Derbyshire’s badger vaccination project gets Government funding for another 4 years - Derbyshire Wildlife Trust

Derbyshire Wildlife Trust is delighted to announce that the badger vaccination programme is now able to continue for another 4 years. This has been made possible thanks to generous funding from several sources, £80,000 from National Trust, £4,000 from the High Peak Derbyshire Badger Group, £40,000 from Derbyshire Wildlife Trust itself, all topped up by £181,906.76 funding from the Department for Environment, Food and Rural Affairs (DEFRA) which has just been confirmed.

Photo Andrew MasonDerbyshire Wildlife Trust is delighted to announce that the badger vaccination programme is now able to continue for another 4 years.

Photo Andrew Mason

This has been made possible thanks to generous funding from several sources, £80,000 from National Trust, £4,000 from the High Peak Derbyshire Badger Group, £40,000 from Derbyshire Wildlife Trust itself, all topped up by £181,906.76 funding from the Department for Environment, Food and Rural Affairs (DEFRA) which has just been confirmed.

Derbyshire Wildlife Trust’s Head of Living Landscapes for North Derbyshire Tim Birch said, “We are pleased the Government have provided more money for Derbyshire’s badger vaccination programme. The funding will mean this important work will continue for another 4 years – enabling us to expand the vaccination programme to other areas of Derbyshire. The area scheduled for vaccination will now increase to cover up to 90km2 across Derbyshire. It also enables the Trust to continue to work in partnership with many organisations and show that vaccination is a viable alternative to the badger cull which we are totally opposed to.”

Vaccinating badgers against bovine TB is an important part of tackling the disease in cattle.


Butterfly breeds for first time in 130 years - Butterfly Conservation

A declining butterfly may have started breeding in Scotland for the first time in 130 years, after eggs were discovered by amateur naturalists, Butterfly Conservation (BC) has confirmed.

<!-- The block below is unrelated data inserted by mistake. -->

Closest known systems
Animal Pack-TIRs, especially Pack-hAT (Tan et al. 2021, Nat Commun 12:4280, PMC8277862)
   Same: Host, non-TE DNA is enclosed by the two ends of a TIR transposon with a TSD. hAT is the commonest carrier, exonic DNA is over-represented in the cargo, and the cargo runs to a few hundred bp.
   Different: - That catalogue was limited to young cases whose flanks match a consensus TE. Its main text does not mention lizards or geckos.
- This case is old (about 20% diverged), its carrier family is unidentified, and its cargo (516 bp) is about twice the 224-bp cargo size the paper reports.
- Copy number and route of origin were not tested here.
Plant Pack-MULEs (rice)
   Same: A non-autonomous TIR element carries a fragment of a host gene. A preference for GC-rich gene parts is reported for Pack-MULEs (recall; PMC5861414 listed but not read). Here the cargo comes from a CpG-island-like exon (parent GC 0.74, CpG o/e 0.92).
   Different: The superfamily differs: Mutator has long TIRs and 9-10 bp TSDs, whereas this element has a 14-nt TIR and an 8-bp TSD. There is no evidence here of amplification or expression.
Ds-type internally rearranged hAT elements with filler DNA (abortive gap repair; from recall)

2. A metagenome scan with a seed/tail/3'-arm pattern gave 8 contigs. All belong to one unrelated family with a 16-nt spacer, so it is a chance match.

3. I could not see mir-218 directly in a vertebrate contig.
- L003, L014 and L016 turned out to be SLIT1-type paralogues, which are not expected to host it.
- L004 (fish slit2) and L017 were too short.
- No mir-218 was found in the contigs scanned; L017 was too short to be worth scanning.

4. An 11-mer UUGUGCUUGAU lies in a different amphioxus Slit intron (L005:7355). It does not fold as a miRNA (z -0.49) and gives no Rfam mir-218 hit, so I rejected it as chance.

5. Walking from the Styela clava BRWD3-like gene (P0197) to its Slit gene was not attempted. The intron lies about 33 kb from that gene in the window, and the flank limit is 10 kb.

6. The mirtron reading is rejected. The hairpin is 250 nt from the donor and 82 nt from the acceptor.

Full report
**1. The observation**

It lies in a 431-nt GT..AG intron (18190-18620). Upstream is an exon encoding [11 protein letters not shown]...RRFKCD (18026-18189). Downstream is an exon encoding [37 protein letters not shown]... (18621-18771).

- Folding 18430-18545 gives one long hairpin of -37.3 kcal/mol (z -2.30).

White-Letter Hairstreak (image: Butterfly Conservation)A handful of White-letter Hairstreak eggs were found on Wych Elm trees at Lennel near Coldstream, Berwickshire, on Sunday 4 February.

White-Letter Hairstreak (image: Butterfly Conservation)

The discovery comes after Borders Butterfly Recorder Iain Cowe spotted an adult White-letter Hairstreak about 10 miles north east of this area last year - the first sighting in Scotland since 1884.

Iain said: “The discovery of these eggs is hugely significant as it not only confirms the White-letter Hairstreak is breeding here, but one of the eggs was an old, hatched shell – so it looks like the butterfly could have been breeding here since at least 2016. Last year was an impossible find, but this year’s egg discovery is beyond anything we thought possible.”

The White-letter Hairstreak, which has a distinctive ‘W’ marking on the underside of its wing, is widespread across England and Wales, but the butterfly has suffered a 72% decline over the last decade.

The butterfly’s caterpillars feed on elm and the White-letter Hairstreak declined dramatically in the 1970s as a result of Dutch Elm disease.

For more than ten years, a group of BC volunteers have been monitoring the butterfly and its gradual spread northwards, which experts think is most likely the result of a warming climate.


Bovine TB strategy review - Animal Plant and Health Agency

The government has announced a review of its 25 year Bovine TB strategy.

The government has announced a review of its 25 year Bovine TB strategy to be chaired by Sir Charles Godfray, a population biologist and Fellow of the Royal Society.